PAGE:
Bow quivers are the handiest place to store your arrows. They are always close at hand.
In an ideal world, you would not shoot your bow with a quiver full of arrows hanging to one side. But from a practical standpoint, it is the best way to carry your arrows when hunting on foot or when toting them to and from your stand. When you have to belly-crawl through buck brush and sage or climb through mountain laurels or thick stands of sumac there is only one place where your arrows won’t make my life miserable: on my bow.
As noted bowhunter and world class archer Randy Ulmer was able to prove, a bow quiver full of arrows does not have a large affect on your accuracy, but you do need to take a few special precautions if you plan to hunt with a bow quiver.
The Issue of Accuracy
To set up an accurate test, Randy gathered three friends for some formal trials. These were not run-of-the-mill archers by any standard. They were very good competitive shooters who are also bowhunters. By choosing only great shooters, Randy was able to remove the human element as much as possible. He couldn’t have asked for a better test.
Where to carry your arrows so they are at hand but don’t affect your accuracy is a debate. Top archers have shown that adding a quiver full of arrows only affects impact point by about two inches at 40 yards. Of course, if you sight in with the full quiver on your bow, it won’t affect your accuracy at all.
First, they each shot five arrows at 40 yards with their quivers full of arrows. Then they removed one arrow and shot groups again. They repeated this process until they were shooting groups with no arrows in the quiver. They didn’t compensate in any way; they just aimed dead-on. They shot 36 five-arrow groups – 180 total shots. Then they carefully measured the size of each group and its center point. Group size did not change measurably (which was an important point) and the centers moved very little. At 40 yards, the groups these great archers shot with full quivers were less than two inches from those that they shot with empty quivers.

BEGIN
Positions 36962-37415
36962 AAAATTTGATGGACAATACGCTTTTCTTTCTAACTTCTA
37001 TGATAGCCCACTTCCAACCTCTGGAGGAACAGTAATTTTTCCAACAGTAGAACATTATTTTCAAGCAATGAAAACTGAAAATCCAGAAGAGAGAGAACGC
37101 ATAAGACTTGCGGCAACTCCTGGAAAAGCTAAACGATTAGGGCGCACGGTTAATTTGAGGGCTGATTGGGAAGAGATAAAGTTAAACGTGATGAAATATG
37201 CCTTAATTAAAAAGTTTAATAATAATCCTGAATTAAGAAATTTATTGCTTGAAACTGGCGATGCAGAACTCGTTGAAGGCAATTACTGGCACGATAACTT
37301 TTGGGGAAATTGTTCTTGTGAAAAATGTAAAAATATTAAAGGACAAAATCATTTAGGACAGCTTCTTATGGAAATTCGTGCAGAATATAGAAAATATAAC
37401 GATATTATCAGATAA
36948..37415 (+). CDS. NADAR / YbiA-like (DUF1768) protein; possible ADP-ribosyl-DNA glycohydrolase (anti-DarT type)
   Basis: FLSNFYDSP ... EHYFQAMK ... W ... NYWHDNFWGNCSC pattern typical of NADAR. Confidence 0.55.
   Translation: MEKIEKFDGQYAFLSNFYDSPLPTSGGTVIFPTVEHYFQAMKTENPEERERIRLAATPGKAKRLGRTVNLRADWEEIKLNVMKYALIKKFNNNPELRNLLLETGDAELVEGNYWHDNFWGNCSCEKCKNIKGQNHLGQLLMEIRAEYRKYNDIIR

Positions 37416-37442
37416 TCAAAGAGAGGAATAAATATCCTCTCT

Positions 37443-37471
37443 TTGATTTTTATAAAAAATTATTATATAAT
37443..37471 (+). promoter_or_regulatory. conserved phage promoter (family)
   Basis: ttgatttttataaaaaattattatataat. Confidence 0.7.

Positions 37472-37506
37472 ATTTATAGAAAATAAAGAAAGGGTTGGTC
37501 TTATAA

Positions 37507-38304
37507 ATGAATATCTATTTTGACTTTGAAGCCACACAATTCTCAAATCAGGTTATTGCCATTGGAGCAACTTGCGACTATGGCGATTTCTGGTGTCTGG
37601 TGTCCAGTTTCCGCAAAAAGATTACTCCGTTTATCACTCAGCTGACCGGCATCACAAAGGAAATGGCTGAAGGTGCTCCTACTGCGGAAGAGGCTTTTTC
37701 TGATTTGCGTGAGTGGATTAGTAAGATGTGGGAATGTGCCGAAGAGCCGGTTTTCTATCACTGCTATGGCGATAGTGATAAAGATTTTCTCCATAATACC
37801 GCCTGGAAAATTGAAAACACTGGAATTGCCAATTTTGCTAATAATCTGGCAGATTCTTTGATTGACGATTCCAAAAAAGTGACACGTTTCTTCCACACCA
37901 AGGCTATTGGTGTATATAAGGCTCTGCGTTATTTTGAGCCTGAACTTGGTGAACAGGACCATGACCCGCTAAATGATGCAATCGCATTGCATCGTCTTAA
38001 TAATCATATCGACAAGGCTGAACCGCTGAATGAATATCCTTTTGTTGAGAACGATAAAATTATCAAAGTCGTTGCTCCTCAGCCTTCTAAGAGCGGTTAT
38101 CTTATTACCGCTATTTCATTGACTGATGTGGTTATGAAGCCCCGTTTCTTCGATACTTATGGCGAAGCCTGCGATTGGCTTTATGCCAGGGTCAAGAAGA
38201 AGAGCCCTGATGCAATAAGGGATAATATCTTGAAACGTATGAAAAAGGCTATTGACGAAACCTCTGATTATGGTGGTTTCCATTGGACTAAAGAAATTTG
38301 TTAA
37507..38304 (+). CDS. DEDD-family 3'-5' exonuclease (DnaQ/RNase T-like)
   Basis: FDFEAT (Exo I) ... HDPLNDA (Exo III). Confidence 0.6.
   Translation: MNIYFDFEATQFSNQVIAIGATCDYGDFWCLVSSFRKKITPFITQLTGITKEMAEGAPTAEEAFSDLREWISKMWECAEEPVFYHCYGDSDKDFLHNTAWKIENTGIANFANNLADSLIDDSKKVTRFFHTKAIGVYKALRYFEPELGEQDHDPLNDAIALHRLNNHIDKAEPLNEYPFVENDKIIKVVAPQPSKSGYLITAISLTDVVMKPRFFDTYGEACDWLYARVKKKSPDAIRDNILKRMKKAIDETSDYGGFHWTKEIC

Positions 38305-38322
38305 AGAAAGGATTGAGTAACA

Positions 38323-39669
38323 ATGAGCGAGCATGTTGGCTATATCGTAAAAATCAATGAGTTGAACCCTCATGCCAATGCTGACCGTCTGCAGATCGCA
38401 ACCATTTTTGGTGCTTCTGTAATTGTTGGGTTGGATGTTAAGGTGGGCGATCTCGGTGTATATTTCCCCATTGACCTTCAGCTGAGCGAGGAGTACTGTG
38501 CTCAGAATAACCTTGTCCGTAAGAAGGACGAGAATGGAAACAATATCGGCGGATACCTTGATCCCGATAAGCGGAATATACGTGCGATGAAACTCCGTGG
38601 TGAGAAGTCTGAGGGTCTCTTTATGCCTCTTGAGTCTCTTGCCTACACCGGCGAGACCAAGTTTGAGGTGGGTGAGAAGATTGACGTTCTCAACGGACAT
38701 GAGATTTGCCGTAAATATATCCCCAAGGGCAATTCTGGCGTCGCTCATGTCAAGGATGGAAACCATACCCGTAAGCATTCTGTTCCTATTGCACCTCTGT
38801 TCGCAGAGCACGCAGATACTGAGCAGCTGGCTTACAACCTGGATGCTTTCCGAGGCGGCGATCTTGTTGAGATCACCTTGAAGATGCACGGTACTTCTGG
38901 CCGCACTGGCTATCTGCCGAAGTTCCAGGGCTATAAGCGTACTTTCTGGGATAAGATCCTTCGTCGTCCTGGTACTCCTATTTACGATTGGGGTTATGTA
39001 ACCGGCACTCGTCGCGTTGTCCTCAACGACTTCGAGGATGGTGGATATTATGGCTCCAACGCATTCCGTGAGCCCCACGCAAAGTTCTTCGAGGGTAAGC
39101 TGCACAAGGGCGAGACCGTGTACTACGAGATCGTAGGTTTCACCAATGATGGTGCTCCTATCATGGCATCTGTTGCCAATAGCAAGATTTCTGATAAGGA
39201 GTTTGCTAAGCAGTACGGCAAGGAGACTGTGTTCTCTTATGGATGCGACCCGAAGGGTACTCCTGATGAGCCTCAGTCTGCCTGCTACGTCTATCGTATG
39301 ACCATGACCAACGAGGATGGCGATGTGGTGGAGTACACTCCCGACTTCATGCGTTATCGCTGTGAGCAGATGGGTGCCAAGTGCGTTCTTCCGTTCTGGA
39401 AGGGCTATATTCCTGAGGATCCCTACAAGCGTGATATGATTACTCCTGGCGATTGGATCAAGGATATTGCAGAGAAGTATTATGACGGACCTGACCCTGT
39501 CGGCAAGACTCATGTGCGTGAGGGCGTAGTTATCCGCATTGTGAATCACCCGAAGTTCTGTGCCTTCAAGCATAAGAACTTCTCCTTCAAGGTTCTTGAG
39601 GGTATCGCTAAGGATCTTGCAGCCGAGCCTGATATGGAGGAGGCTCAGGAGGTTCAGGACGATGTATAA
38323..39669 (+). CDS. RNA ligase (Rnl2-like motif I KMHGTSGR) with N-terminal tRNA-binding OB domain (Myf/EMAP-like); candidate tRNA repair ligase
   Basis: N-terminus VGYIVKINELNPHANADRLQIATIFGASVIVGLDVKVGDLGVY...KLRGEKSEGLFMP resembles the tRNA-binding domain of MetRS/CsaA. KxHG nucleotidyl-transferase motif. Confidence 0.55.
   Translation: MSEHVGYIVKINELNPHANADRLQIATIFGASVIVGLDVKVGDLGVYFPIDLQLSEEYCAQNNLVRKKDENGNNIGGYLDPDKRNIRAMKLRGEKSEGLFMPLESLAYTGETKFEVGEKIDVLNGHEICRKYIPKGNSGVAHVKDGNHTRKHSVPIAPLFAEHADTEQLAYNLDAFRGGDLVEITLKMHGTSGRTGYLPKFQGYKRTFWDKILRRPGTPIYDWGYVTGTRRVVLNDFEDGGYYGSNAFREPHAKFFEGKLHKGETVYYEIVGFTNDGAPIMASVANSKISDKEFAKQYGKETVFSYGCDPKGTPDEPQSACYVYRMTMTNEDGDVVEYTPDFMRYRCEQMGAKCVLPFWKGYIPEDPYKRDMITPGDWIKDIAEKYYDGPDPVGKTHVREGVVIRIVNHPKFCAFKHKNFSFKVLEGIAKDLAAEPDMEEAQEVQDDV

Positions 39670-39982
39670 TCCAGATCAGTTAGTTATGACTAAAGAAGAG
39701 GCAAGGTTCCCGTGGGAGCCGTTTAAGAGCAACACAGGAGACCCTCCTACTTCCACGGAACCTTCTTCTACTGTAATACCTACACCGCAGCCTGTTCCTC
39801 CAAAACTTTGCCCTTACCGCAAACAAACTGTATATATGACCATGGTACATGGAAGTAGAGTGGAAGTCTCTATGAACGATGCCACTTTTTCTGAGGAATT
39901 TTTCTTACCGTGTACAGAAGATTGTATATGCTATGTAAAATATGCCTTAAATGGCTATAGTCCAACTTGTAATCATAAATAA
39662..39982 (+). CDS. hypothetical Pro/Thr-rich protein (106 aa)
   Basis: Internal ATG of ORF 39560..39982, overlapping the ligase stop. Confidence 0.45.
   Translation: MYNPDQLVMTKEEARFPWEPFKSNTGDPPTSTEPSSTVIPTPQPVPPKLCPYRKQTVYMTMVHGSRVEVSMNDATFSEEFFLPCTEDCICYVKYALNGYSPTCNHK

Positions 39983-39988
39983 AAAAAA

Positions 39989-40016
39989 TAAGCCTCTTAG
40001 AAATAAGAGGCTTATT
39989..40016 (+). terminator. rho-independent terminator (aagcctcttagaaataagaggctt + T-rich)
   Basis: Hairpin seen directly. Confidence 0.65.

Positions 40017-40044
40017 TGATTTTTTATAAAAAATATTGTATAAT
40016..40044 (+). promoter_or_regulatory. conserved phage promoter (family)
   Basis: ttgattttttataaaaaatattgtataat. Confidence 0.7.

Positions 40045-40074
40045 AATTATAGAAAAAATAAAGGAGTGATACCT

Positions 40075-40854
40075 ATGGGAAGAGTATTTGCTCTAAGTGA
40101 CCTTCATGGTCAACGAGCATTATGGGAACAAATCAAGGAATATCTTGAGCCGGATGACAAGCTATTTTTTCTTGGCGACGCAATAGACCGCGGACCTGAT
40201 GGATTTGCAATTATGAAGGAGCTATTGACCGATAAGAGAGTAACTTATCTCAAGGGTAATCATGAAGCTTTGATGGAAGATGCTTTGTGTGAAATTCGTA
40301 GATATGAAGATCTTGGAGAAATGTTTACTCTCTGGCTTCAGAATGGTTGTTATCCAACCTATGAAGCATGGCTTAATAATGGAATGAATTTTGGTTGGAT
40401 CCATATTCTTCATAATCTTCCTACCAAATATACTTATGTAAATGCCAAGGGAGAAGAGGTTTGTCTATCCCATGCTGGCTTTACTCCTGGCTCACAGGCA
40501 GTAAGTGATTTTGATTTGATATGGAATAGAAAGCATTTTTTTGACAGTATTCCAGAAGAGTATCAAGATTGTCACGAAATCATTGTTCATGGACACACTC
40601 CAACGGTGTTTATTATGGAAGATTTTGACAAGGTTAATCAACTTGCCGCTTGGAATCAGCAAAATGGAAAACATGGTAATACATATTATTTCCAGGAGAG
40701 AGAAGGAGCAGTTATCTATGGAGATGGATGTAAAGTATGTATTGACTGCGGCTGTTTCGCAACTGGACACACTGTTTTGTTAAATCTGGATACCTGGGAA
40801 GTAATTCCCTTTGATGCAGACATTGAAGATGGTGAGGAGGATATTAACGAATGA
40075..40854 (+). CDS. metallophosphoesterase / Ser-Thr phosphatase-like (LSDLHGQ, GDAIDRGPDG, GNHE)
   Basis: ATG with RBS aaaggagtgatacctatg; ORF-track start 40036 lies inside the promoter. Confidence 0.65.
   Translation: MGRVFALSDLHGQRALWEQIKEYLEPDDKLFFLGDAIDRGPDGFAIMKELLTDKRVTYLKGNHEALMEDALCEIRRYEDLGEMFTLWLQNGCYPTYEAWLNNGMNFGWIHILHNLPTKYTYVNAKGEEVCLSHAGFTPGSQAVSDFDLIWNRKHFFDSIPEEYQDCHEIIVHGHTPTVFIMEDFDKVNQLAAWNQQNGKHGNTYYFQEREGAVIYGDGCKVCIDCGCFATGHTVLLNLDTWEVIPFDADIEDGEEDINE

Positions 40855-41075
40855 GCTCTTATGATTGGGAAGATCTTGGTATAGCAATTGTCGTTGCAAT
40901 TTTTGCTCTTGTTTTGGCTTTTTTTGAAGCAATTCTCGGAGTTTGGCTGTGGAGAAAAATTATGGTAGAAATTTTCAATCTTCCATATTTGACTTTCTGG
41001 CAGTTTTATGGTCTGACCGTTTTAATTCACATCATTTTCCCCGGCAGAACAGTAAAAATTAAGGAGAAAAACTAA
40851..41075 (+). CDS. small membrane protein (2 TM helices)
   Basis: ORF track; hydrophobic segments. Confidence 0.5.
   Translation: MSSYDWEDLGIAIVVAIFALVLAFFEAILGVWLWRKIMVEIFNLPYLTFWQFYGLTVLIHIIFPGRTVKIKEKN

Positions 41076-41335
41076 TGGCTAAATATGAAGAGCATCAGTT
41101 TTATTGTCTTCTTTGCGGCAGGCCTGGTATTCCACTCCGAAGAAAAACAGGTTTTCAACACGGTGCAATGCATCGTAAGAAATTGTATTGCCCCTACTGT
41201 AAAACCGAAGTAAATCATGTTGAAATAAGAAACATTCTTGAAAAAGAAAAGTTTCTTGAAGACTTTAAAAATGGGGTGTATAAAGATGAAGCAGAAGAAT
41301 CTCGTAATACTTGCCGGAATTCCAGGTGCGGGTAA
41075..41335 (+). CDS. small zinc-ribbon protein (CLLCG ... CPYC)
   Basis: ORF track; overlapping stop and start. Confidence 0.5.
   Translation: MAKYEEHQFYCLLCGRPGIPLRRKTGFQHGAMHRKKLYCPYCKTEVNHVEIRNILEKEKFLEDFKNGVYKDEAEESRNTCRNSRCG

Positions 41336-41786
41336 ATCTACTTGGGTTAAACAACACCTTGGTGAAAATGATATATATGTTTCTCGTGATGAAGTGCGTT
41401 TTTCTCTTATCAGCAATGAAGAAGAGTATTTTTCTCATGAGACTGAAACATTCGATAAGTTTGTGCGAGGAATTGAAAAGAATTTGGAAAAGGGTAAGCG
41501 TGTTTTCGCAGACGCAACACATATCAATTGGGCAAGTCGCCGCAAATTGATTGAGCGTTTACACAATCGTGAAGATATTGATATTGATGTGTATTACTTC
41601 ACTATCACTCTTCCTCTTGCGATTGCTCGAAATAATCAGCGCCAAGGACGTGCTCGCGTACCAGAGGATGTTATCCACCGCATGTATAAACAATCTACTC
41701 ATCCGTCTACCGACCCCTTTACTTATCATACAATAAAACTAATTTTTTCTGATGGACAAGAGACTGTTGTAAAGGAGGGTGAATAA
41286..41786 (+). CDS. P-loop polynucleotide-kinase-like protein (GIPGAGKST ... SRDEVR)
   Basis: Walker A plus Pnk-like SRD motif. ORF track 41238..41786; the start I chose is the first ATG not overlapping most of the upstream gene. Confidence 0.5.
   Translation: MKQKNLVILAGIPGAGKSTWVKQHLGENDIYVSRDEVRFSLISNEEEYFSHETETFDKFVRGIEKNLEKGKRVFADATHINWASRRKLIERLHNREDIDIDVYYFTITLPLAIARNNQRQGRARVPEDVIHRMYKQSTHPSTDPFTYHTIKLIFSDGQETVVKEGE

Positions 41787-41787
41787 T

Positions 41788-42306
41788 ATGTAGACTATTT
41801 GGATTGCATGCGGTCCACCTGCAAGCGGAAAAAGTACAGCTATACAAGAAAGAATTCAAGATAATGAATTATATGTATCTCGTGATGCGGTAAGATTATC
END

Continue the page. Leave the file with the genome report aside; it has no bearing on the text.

This amount of accuracy loss is totally insignificant for two reasons. First, if you have the quiver and arrows on the bow when practicing and sighting-in you will notice no difference in accuracy when you remove just one arrow and put it on the string. Second, even if you practice all summer without a bow quiver and don’t ever change your sights to compensate you will experience only a small change in impact at normal bowhunting ranges when you add a full quiver to the bow.
Additionally, most bowhunters carry four to six arrows – not eight. With fewer arrows, the change in your bow’s balance will be less and the amount your impact point changes will also be less – insignificant for all practical purposes.
Regarding accuracy: depending on how you prepare, the bow-mounted quiver has only a very small affect - or no affect at all. The key to making the affect negligible is to practice with the quiver on the bow for at least a week prior to the season and make any minor sight adjustments that might be required.
Most tree stand hunters use detachable quivers that they can remove when they get to the tree to cut down on bow weight and improve bow balance, not to mention improve their aim on windy days.
When taking shots in windy conditions, consider taking your bow quiver off the bow to reduce the amount of surface area the wind can push against as you aim.
Wind is Another Matter